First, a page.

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Old 11-16-2019, 11:21 AM   #1
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Naiad Stabilizer Shaft Seals

Hi everyone,
I have 1991 Naiad stabilizers on my vessel and the shaft seals seem to be weeping sea water just a bit. Looks like itís time for new seals. Just wondering what others have paid to have this done while hauled out at the yard?
I donít want to get ripped off.
Iíve seen YouTube videos on how they remove the fins. Looks like specialized equipment.
Thank you for your input.
Taras
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Old 11-16-2019, 11:25 AM   #2
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I have ABT Trac. If i get sea water in the boat, that would mean water had entered into the lube oil and I would now have saltwater on the bearings. On my boat, seals keep seawater from 90 weight oil and bearings, and the oil out of the boat.

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Old 11-16-2019, 11:39 AM   #3
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Where are you located?Perhaps we can recommend a yard or tech from prior experience. Costs depend on part of country and what else they find out when they are in there. If you are seeing water that is potentially a bad sign, replacing the seals every few years is a necessary PM item, not a reaction-driven thing. It's been awhile since I had a boat with 252's and I don't recall what I paid, but it was just a PM item and I don't recall it being all that expensive. Some guys get the equipment and DIY.... there's an old discussion on the Hatteras Owners Forum on that.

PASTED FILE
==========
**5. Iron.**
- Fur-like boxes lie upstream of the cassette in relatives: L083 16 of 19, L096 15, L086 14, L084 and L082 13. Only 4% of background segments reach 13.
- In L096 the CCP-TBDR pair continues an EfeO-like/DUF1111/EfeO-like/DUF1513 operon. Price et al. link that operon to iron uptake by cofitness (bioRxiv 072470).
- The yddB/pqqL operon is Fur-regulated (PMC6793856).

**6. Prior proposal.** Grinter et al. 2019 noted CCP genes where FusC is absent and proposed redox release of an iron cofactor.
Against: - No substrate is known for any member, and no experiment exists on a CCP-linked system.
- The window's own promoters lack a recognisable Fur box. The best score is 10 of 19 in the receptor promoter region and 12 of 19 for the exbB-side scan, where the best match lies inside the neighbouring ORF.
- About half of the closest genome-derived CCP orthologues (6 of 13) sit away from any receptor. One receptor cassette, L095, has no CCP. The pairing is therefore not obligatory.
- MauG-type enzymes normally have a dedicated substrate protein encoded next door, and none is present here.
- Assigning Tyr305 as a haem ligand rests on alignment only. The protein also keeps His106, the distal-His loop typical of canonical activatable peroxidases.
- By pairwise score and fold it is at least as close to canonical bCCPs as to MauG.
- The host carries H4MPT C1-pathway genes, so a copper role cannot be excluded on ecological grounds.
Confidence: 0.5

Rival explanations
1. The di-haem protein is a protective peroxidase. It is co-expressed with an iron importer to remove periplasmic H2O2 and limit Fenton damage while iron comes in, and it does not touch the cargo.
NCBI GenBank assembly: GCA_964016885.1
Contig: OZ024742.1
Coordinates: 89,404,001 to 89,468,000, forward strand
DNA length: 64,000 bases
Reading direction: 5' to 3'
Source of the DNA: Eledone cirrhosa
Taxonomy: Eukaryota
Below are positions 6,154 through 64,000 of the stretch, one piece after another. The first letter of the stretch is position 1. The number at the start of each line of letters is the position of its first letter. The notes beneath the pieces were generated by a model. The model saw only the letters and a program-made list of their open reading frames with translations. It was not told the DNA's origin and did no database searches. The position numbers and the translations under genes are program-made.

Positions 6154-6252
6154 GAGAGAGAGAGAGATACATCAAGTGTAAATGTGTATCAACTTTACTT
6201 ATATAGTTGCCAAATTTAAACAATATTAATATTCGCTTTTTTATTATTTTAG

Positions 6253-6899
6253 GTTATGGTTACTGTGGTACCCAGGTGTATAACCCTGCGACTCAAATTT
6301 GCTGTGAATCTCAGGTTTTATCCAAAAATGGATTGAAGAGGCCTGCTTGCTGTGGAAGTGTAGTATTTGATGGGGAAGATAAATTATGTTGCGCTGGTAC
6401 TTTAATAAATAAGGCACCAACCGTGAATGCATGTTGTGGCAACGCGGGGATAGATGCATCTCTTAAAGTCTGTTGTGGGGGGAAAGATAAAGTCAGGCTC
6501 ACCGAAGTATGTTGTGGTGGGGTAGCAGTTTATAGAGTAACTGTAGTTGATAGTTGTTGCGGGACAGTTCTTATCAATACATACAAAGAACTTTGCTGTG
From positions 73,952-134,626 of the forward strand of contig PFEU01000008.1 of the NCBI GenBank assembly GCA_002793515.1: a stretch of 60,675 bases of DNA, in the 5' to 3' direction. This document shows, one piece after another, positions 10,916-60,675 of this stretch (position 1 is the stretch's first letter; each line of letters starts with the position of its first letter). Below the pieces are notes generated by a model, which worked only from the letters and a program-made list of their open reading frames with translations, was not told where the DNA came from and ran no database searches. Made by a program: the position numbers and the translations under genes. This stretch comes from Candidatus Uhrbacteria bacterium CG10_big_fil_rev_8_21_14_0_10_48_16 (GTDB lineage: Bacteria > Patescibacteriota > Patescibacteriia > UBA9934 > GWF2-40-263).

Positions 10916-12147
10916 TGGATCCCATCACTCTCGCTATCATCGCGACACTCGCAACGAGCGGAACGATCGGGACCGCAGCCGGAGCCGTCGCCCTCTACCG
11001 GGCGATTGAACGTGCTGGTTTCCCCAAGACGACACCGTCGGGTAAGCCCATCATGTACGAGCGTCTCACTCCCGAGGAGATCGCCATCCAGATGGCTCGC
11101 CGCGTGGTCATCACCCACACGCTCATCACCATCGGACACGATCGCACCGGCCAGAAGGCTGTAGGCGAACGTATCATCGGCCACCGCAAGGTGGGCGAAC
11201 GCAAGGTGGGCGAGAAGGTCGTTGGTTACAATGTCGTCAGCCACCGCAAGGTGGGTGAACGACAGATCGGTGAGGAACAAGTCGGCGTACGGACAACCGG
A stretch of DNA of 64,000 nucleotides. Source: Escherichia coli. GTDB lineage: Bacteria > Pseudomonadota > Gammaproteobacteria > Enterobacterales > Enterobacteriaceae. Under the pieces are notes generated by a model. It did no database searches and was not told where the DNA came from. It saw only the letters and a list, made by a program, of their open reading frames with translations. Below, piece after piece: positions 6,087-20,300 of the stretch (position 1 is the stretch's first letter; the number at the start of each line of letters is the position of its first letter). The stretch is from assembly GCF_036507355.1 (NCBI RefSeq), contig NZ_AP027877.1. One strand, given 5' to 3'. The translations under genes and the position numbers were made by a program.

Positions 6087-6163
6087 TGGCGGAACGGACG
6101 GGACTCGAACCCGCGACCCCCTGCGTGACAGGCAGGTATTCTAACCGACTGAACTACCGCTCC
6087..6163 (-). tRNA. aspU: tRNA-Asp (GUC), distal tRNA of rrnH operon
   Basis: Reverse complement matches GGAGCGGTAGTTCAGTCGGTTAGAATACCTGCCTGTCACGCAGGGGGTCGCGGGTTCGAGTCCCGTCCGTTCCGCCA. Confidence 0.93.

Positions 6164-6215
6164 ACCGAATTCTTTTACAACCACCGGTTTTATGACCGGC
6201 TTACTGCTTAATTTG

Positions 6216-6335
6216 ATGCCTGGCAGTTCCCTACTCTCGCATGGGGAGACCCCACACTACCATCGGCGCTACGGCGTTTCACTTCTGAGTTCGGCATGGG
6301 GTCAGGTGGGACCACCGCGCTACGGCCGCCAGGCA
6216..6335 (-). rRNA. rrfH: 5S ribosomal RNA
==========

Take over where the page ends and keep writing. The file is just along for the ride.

You can call Naiad and discuss as well.
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Old 11-16-2019, 11:46 AM   #4
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Greetings,
Mr. T. We had Naiad seals done at the Hinkley yard in Thunderbolt, GA about 8 years ago. $5K, IF I recall correctly. Seals and bearings. No problems since and dry as a bone.
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Old 11-16-2019, 03:20 PM   #5
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Had my Niaids removed and seals done 2x in 2006 (Ft Lauderdale) and again in 2010 (Fall River). Cost about $1K in Ft Lauderdale and a bit more because of travel time in Massachusetts. Both jobs were routine with no problem before and none after. Sounds like you have a bigger problem if seawater is leaking into the boat.